Bighead Carp Found Near Lake Michigan

  
The moment that scientists in the Great Lakes states had dreaded arrived Tuesday. A 19.6-pound, 34.6-inch male Asian carp got caught in a net in Lake Calumet, a Chicago-area waterway that connects Lake Michigan with the Mississippi River, sparking renewed calls to close off the shipping locks around Chicago that connect the lakes to the river.

Scientists had suspected that carp were threatening the Great Lakes, and they devised an electric barrier to keep the fish out of the lakes. Last month, they also poisoned a stretch of the Little Calumet River above the barrier after finding carp DNA. The poisoning killed 11,000 fish, none of them the dreaded carp, the Detroit Free Press reported.

Carp have been pushing out native species in the Mississippi River ever since they escaped from southern fish farms almost 20 years ago, according to the Detroit News . It's unlikely the fish found in Lake Calumet was traveling alone.

"Asian carp are like cockroaches; when you see one you know it's accompanied by many more you don't see," Henry Henderson, of the Natural Resources Defense Council told The New York Times .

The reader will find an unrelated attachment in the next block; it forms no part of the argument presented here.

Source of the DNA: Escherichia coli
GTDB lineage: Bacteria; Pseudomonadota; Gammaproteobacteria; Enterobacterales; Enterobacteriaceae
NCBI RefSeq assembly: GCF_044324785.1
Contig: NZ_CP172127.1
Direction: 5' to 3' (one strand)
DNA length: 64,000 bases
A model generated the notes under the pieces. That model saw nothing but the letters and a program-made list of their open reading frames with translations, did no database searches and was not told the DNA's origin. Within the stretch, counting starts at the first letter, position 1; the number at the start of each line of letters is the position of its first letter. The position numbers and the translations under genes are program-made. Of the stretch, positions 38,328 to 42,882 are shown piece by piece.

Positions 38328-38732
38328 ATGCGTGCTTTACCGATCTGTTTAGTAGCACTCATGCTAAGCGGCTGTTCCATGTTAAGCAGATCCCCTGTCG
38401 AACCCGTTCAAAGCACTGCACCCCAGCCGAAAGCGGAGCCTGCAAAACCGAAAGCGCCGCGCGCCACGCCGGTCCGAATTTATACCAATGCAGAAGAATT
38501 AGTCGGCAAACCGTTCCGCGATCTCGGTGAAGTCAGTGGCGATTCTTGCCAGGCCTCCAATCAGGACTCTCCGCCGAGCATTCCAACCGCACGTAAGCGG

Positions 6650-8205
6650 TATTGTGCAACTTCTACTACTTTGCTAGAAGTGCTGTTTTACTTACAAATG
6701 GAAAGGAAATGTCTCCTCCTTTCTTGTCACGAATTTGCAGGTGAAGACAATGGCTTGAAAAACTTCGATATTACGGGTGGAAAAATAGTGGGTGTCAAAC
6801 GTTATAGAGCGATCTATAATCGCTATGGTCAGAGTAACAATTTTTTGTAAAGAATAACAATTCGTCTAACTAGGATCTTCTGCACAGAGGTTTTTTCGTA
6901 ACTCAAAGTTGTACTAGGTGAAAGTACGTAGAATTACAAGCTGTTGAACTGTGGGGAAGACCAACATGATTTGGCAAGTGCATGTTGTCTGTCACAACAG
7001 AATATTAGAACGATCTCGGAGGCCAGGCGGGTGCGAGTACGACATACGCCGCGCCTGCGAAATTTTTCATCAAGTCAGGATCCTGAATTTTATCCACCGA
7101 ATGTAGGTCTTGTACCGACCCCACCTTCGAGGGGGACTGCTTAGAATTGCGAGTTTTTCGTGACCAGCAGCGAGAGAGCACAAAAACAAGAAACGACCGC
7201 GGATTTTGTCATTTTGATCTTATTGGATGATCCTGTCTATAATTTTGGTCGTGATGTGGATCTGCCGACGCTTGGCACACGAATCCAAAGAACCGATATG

The carp died after being pulled from the water and was sent to Springfield, where tests will determine its age and how long it had lived in the river.

Michigan Attorney General Mike Cox, a candidate for governor, said the discovery confirmed the state's "worst fears," adding that he was considering legal action, according to the Milwaukee Journal Sentinel .

Six Great Lakes states sued Illinois this year asking that commercial shipping locks be closed to halt the advance of the bighead carp. The U.S. Supreme Court declined to hear the case and President Barack Obama did not order the locks shut down. Republican politicians again took aim at Obama over the locks Wednesday.

"He must take action immediately by ordering the locks closed and producing an emergency plan to stop Asian carp from entering Lake Michigan," Cox said , according to the Chicago Tribune .

U.S. Rep. Pete Hoekstra, of Michigan, another gubernatorial candidate, accused the administration of "dragging its feet," the Grand Rapids Press reported.

"For far too long the effort has been reactive as opposed to proactive," he said.